The scorecard on Bill Cosby reads like this: A dozen or more women have said with only a slight variation in the time, place and circumstance that Cosby seduced them, propositioned them, promised them favors, put them up, even paid them, then drugged or plied them with alcohol and sexually abused them. One Bill Cosby publicly says the charges are a lie. One man denies the charge. The dozen plus women stick to their stories. Yet a seemingly disgraced but unfazed Cosby took to the stage at King Center for the Performing Arts in Melbourne, Florida for 90 minutes to the wild cheers of a sold-out crowd that bombarded him with shouts of "We love you, Bill Cosby!"
The Cosby audience love fest was not simply an aberration of groupie fan mania. Legions passionately believe Cosby is being wrongly crucified on the cross of raw public opinion by a pack of greedy, publicity-seeking, career-wrecking liars and schemers.
It happens to be Cosby. But the ritual of rape denial is virtually written in stone in much of public opinion and far too many police stations and courts. Days before the alleged Cosby rape victims paraded forth to retell their sordid stories, literally a sea and an ocean apart, two shocking reports came out that cast yet another brutal and ugly glare on the still rampant rape culture. An Amnesty International commissioned report in Britain found that one-third of Britons said a woman rape victim was as much if not more to blame for the rape. This wasn't all. The overwhelming majority of respondents were absolutely clueless on how widespread rape was in the country, and in nearly all cases sharply downplayed the number of rapes.
A sea and an ocean away, there was the even more appalling finding that New Orleans police didn't even bother to investigate hundreds of rape cases, or simply classified the reported sexual assaults as "noncriminal" and did no investigation. New Orleans or Britain was no anomaly. Months before the Cosby rape allegations surfaced, the Iowa Law Review, in March, found that rape is routinely underreported in dozens of cities. The rape claims were dismissed out of hand with little or no investigation. The result was there were no report, no statistical count, and no record of an attack. The study zeroed in on the prime reason for this, namely disbelief. It's that disbelief that shields, many men, especially rich, powerful, Olympian-like celebrity icons such as Cosby from legal harm. They are reflexively believed when they scream foul at their accuser. They lambaste them as liars, cheats, and gold diggers, or ridicule and demean them as sluts. If things get too hot, they toss out a few dollars in hush money settlements and the screams are even louder that it was all a shakedown operation in the first place and the victim is further demonized.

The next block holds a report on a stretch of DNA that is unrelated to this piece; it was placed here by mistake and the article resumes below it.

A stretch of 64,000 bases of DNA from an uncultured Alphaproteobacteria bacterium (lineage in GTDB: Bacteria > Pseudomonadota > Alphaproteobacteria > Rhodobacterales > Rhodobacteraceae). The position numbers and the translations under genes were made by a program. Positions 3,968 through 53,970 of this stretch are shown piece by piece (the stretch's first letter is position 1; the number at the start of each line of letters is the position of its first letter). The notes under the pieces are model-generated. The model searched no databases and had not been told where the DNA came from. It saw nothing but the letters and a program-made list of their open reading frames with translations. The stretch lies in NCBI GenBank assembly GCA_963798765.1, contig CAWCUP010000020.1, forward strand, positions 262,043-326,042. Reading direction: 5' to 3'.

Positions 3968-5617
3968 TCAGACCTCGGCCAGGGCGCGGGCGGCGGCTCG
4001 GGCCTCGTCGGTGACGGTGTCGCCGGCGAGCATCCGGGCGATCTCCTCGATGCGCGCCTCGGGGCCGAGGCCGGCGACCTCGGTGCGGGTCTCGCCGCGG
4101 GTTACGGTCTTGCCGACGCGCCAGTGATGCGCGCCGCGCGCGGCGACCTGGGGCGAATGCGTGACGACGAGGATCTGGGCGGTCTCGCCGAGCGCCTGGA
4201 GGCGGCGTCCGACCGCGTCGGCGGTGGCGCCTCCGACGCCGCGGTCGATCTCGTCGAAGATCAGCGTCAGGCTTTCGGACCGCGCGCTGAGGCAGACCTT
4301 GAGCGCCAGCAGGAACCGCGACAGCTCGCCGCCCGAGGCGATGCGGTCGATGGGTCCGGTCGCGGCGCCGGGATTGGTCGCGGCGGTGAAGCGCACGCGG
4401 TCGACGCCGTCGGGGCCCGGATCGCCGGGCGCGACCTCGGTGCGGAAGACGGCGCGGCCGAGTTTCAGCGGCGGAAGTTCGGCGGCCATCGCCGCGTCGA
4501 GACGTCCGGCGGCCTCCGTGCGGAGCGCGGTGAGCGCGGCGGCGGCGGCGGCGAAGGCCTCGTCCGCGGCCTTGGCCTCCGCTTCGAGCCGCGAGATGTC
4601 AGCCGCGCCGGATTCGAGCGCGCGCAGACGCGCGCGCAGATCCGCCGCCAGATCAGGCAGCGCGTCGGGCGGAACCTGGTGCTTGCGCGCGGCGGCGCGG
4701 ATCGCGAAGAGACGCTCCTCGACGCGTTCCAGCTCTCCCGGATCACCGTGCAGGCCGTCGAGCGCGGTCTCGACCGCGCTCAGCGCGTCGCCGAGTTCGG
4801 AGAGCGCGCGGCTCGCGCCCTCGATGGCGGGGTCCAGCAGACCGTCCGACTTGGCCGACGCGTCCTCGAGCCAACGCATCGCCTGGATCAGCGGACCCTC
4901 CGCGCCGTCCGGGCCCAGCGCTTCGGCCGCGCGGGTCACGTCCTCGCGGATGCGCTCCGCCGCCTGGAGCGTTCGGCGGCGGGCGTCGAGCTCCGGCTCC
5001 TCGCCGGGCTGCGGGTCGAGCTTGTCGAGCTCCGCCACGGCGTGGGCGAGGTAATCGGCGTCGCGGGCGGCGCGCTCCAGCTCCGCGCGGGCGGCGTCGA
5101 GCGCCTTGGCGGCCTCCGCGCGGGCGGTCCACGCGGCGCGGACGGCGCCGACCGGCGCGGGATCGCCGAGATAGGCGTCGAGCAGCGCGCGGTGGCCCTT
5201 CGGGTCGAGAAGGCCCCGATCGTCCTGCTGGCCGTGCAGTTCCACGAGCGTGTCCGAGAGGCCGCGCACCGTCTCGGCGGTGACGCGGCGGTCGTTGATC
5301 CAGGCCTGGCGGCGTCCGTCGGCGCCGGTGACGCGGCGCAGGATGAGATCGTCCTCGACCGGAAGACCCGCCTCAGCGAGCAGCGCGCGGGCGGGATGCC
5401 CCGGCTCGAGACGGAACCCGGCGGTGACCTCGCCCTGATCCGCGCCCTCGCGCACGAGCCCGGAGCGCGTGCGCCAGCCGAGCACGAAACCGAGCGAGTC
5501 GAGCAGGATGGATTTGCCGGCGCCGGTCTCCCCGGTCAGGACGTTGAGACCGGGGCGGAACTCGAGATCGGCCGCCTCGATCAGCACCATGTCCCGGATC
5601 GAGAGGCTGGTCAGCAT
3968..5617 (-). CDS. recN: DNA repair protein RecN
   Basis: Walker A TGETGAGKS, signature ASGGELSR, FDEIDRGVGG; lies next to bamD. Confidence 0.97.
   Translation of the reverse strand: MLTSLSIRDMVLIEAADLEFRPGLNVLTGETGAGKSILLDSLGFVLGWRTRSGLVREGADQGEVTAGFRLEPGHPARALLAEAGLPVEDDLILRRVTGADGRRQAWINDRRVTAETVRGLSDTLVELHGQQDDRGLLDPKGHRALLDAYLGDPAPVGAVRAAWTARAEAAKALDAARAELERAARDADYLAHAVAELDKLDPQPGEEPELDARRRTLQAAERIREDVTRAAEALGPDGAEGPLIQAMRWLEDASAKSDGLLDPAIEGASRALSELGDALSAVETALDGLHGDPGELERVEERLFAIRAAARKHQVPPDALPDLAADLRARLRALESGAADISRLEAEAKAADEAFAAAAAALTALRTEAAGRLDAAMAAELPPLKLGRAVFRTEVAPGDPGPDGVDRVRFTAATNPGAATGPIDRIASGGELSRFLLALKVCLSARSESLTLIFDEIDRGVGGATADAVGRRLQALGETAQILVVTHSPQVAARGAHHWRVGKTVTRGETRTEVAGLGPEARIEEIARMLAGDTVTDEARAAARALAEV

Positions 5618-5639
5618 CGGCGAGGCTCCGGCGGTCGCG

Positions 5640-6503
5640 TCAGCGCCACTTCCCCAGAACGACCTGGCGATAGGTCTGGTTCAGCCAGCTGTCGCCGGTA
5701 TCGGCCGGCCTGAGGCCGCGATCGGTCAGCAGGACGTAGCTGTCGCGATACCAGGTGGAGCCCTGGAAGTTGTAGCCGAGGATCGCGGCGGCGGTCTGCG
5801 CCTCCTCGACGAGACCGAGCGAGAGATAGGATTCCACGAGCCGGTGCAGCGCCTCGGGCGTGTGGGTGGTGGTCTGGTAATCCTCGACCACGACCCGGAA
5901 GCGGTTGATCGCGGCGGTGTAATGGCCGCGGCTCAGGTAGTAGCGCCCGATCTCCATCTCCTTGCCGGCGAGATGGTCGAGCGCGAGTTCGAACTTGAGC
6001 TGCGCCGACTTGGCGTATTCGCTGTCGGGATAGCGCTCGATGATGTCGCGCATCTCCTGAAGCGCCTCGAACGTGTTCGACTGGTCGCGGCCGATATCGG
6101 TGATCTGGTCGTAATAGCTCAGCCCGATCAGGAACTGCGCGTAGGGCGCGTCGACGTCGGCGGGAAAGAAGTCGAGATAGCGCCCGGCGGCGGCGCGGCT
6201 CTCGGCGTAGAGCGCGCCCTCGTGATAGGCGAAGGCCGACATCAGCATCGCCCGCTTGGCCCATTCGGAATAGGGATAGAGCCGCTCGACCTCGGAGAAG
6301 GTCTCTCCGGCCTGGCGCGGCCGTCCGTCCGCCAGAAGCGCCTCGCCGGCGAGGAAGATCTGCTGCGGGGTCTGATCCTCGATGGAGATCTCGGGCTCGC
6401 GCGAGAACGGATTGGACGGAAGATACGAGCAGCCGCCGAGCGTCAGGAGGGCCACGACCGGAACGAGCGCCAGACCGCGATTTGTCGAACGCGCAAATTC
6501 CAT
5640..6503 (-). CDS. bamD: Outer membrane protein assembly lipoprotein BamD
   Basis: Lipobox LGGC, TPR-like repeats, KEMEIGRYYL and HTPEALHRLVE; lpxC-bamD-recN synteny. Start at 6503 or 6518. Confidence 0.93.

It's not just the warped and tainted blame-the-victim syndrome. Countless studies of rape victimization have shown that the attacker is not a stereotypical weird, ticking time bomb pervert. He could be anyone from the helpful, adorable boy next door to a wealthy, staid, respectable pillar of the community with a loving family. When they are accused of rape the gasp of disbelief ripple not only through the perpetrator's family, but friends, associates, law enforcement and the courts.
Cosby is the classic textbook example of how men who are alleged to commit rape routinely get away with it. Contrary to the non-stop slanders of his accusers, some did go to the police, attorneys, and their agents at the time he allegedly victimized them. But they quickly ran up against the wall of suspicion, indifference, and flat-out contempt and blame. Decades later when they again came forth little had changed. They have been hit with the same wall of suspicion, ridicule, snickers, and even wisecracks about their motives and morals.
Despite their claims and the mild scorn heaped on Cosby, he still has his battery of high priced attorneys, agents, and influential entertainment pals who will shill, bully, and subtly play on the sympathy, and his persona and goodwill as America's perfect dad, a philanthropist, and the consummate all-around "good guy" that he has spent his professional life constructing to hector the critics. Though Cosby has lost TV deals and some concert appearances have dried up or been cancelled at his request, he still has two powerful cards to play. One is time. The decades that have passed since he committed his alleged rapes work for him since he knows that the odds of him being plopped in a criminal court docket are slim, and memories of a fickle public dim fast. The other, is the jaundiced view of so many that some if not all of the women who scream rape against him are selfish, and greedy schemers who are out to bring down one of America's authentic idols. That's why so many without a hint of thought or shame about the women's lives that he damaged by his alleged heinous acts gave a full-throated shout "We love you bill!"
Earl Ofari Hutchinson is an author and political analyst. He is a weekly co-host of the Al Sharpton Show on American Urban Radio Network. He is the author of How Obama Governed: The Year of Crisis and Challenge. He is an associate editor of New America Media. He is host of the weekly Hutchinson Report Newsmaker Hour heard weekly on the nationally network broadcast Hutchinson Newsmaker Network.